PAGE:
In 1920, they attacked Jews in Jerusalem in what became known as the Nebi Musa riots (named for the festival at that time of year). Their frustrations again erupted in the 1936-1939 Arab revolt against the Mandatory regime. With Jewish support, the British defeated the Arabs.

 The Arabs subsequently served as Nazi allies during World War II, for both the Arabs and the Muslims sought the destruction of the Jewish people in both Europe and Palestine, which could only happen with a German victory.

After the war, the British became more favorable to Arab protests against Jewish emigration to Israel and did their best to prevent Jews from settling there. But Jews all over the world helped emigrants avoid the British “embargo.”

The Haganah, an underground Jewish organization founded in 1920, aided the entrance of Jews into Israel. By 1947, the British had largely conceded control of Israel to Haganah, which contributed in no small measure to the creation of the state of Israel, and its recognition by the United Nations, and most other governments in Western Europe and North America.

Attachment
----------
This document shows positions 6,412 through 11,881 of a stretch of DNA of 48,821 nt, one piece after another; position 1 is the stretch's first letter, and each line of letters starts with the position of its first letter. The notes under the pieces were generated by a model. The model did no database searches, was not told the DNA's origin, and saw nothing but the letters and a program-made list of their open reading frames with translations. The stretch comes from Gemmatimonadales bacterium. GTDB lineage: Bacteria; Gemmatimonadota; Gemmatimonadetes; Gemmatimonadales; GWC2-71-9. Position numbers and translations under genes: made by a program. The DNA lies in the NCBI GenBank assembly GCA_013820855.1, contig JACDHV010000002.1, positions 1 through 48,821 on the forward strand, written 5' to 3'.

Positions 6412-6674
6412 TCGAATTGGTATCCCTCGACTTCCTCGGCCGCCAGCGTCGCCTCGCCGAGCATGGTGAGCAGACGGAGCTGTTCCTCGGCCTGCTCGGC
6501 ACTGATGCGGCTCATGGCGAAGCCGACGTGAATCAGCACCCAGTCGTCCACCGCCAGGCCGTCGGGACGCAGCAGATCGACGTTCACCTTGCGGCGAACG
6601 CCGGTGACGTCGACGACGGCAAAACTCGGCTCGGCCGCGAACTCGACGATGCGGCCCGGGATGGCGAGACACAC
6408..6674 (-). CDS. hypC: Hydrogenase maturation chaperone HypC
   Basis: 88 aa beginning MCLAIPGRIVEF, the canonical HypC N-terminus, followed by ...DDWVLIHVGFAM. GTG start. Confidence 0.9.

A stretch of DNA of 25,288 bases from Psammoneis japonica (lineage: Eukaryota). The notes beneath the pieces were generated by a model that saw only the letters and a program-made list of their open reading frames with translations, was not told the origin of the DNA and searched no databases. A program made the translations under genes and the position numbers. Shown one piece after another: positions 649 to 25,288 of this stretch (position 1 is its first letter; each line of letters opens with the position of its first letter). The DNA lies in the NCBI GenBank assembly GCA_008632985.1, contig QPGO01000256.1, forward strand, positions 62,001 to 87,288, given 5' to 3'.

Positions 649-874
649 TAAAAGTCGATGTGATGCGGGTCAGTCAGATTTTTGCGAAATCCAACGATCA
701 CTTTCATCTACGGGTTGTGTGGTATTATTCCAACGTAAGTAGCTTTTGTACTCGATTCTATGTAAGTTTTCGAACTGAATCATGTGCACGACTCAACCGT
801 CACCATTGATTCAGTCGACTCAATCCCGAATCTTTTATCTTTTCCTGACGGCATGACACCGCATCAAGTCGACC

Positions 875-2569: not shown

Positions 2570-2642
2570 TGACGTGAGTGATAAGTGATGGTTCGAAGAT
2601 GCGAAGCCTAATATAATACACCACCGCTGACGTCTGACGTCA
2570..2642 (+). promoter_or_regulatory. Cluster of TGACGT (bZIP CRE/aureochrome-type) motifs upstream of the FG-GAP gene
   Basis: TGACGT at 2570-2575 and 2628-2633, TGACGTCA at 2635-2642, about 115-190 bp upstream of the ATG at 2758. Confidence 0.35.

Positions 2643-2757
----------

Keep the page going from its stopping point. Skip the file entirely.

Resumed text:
The first Arab-Israeli War broke out soon thereafter.

Clearly, the hatred that Arabs bear for Jews is much older than the establishment of the state of Israel. That hatred was not initially a reaction to the expropriation of lands but of the very presence of what Arabs deemed to be too many Jews in Palestine. And that the government of the country is avowedly Jewish – a humiliation in the eyes of many Muslims, whose religion enjoins toleration only of those groups who bow to Islamic authority.

Muslim tradition also holds that whatever region becomes Muslim must remain Muslim. So Israel is illegitimate on that basis as well. Further, any event that is a “catastrophe” must obviously be reversed.

The events of the last few weeks have roots that extend far into the past.


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Robert W. Shaffern is a professor of medieval history at the University of Scranton. Dr. Shaffern also teaches courses in ancient and Byzantine civilization, as well as the Italian Renaissance and the Reformation. He is the author of The Penitents’ Treasury: Indulgences in Latin Christendom, 1175-1375.